The AI Revolution and Kurdistan

Back in 2017, when I started my master’s in data science at Bologna Business School in Italy, the hype was centered around data science. A few years earlier, Harvard Business Rev

The AI Revolution and Kurdistan
December 30, 2023

Back in 2017, when I started my master’s in data science at Bologna Business School in Italy, the hype was centered around data science. A few years earlier, Harvard Business Review had published an popular article titled “Data Scientist: The Sexiest Job of the 21st Century,” which explained why data scientists would become the next big thing. 

This still makes perfect sense, as we are living in an era where approximately 330 million terabytes of data are created each day. According to, it is projected that 181 zettabytes of data will be generated by 2025, a 300% increase from 2020 levels.

The world needed to make sense of all the data that was being generated, which birthed the profession of the data scientist. As I continued my studies, I attended many events where big companies outlined what the future would look like in the Big Data era and how technologies would evolve in the Internet of Things and the coming revolution of Industry 4.0.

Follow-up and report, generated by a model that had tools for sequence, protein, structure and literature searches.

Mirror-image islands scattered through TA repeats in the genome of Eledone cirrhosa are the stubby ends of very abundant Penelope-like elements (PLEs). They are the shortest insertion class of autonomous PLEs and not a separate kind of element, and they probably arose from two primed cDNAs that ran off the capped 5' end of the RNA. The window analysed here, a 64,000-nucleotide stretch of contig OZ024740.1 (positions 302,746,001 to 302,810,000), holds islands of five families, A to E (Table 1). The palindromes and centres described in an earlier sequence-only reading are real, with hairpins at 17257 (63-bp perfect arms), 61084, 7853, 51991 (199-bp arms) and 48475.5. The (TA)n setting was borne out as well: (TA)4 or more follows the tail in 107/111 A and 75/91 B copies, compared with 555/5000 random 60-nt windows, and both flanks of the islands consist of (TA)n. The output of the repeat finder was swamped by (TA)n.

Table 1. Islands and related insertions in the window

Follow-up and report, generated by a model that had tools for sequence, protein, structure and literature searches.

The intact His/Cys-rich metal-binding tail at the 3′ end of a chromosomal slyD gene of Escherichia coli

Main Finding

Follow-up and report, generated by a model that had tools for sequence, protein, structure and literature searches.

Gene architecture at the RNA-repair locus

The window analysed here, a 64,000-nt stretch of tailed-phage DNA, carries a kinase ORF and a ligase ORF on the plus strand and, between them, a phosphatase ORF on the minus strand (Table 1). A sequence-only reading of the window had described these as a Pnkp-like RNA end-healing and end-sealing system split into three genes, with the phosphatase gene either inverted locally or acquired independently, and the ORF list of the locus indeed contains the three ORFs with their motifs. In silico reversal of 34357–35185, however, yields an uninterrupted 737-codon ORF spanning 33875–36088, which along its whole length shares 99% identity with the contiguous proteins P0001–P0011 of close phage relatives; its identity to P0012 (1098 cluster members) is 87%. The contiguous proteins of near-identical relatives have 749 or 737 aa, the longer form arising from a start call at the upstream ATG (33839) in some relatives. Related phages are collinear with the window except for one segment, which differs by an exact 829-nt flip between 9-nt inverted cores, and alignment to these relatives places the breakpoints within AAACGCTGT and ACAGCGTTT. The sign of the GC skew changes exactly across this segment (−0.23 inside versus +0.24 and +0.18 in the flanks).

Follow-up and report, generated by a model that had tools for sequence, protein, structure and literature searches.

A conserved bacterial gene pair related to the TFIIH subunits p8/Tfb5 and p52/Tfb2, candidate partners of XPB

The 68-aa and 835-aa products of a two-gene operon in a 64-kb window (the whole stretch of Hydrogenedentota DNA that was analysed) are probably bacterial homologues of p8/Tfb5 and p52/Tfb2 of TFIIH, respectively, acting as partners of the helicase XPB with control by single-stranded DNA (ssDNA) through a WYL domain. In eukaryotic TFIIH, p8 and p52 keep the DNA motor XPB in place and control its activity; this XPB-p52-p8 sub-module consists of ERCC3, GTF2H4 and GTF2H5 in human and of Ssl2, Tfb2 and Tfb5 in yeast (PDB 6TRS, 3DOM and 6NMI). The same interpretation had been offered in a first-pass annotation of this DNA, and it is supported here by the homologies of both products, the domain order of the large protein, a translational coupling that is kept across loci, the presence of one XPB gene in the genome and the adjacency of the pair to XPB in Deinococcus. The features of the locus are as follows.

Globalizing data

During an evening session that we held recently, we were joined by Enrico Cereda, the CEO of IBM Italy, who discussed artificial intelligence (AI) and Watson – IBM Research’s creation that runs on DeepQA software. Watson was engineered to respond to queries formulated in natural language. The presentation was enthralling; however, towards the end, I vividly recall a moment when my attention drifted, and my thoughts flew back to my homeland in the Kurdistan Region of Iraq (KRI). I couldn’t help but wonder, what about us? Can we even keep pace with the rapid evolution of technology? We seem to lag considerably behind in this new age of data-driven decision-making; in fact, our processes are so antiquated that many remain undigitized, reliant on paper. This realization struck me with both sadness and a jarring sense of reality, causing me to question our nation’s capacity to catch up. It even cast doubt on my pursuit of a degree in data science.

Fast forward to late 2022, when OpenAI released the first version of ChatGPT to the public, which gained significant popularity for its ability to interact in a conversational manner. The launch of ChatGPT-4 in early 2023 further increased its popularity, offering even more refined capabilities and nuanced understanding. The base model of ChatGPT is a large language model (LLM). One of the foundational papers that introduced the transformer model, which underpins modern LLMs, is “Attention Is All You Need” by Vaswani et al., which was published in June 2017.